Why I Write Romance

Romance is a much maligned, often ridiculed genre, dismissed by both men and, sadly, many women. Denigrators claim we romance authors ‘churn out’ our ‘cookie cutter’ books according to a formula (so not true, by the way). Terms applied to romance novels include ‘fluff’, ‘junk’, and ‘trash’, as well as ‘bodice rippers’ and ‘mommy porn.’ A common response when I reveal I write romance is, “Ah, so you write dirty books,” accompanied by a smirk.

Not only is romance treated as the poor cousin of literature, it also happens to be the most difficult genre of all to write, at least, to write well. Why? Because romance is the single genre where readers always know how the book will end before so much as opening the cover—with a happy-ever-after ending. No exceptions. It’s a promise the genre makes to its readers. Therefore, to hold a reader’s interest, a romance novel must be extraordinary. Romance authors must write complex and fascinating characters who touch the reader’s emotions, and plots full of unexpected twists and turns, making it impossible to put the book down until that promised happy-ever-after ending.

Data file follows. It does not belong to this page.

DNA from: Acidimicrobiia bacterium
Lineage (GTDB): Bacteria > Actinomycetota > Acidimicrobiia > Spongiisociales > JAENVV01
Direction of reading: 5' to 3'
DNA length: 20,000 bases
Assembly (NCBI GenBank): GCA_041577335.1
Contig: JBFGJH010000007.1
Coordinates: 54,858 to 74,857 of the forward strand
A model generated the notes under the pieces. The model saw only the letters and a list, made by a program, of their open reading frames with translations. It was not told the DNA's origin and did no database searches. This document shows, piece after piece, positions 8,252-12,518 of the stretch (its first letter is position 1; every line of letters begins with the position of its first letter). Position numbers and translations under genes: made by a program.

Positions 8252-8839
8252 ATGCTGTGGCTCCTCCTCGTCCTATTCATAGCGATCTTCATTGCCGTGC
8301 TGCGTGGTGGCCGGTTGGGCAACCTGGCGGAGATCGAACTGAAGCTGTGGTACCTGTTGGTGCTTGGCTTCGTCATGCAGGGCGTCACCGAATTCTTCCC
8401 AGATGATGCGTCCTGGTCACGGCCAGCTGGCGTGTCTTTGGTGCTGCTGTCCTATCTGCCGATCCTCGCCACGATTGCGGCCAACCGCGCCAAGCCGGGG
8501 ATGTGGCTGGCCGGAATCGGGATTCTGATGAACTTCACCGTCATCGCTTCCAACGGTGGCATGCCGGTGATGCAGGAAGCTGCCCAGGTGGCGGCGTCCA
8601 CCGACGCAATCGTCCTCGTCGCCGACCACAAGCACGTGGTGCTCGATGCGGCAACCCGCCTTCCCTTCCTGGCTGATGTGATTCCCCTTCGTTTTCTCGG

Why then would anyone in her right mind choose to write romance?

My main reason is to give readers an escape from their problems.

In a world of growing uncertainty, we are constantly bombarded with news about disasters, tragedies, wars, murders, deaths, corruption, and anguish. At a personal level, everyone experiences private tragedies at one time or another, traumas such as abuse, the death of loved ones, illness, addiction, bankruptcy, and many, many more.

Some things are worth escaping from. Anguish is definitely one of them.

During my trouble-laden younger years, romance novels were my happy place, my blissful escape, my salvation from problems that seemed insurmountable.

I view romance as an antidote to despair. By creating a world of wonder, a world of falling in love, of unlimited possibilities, of overcoming impossible odds to live happily ever after, a romance novel offers hope and provides readers with emotional experiences that mirror certain fundamental desires in life. Who doesn’t want to find love? To overcome seemingly insurmountable problems? To become our best possible selves? To forgive ourselves and others?

Simply put, I write romance because I like to think my books help the reader forget her life and all its demands and problems, if only for a few hours.



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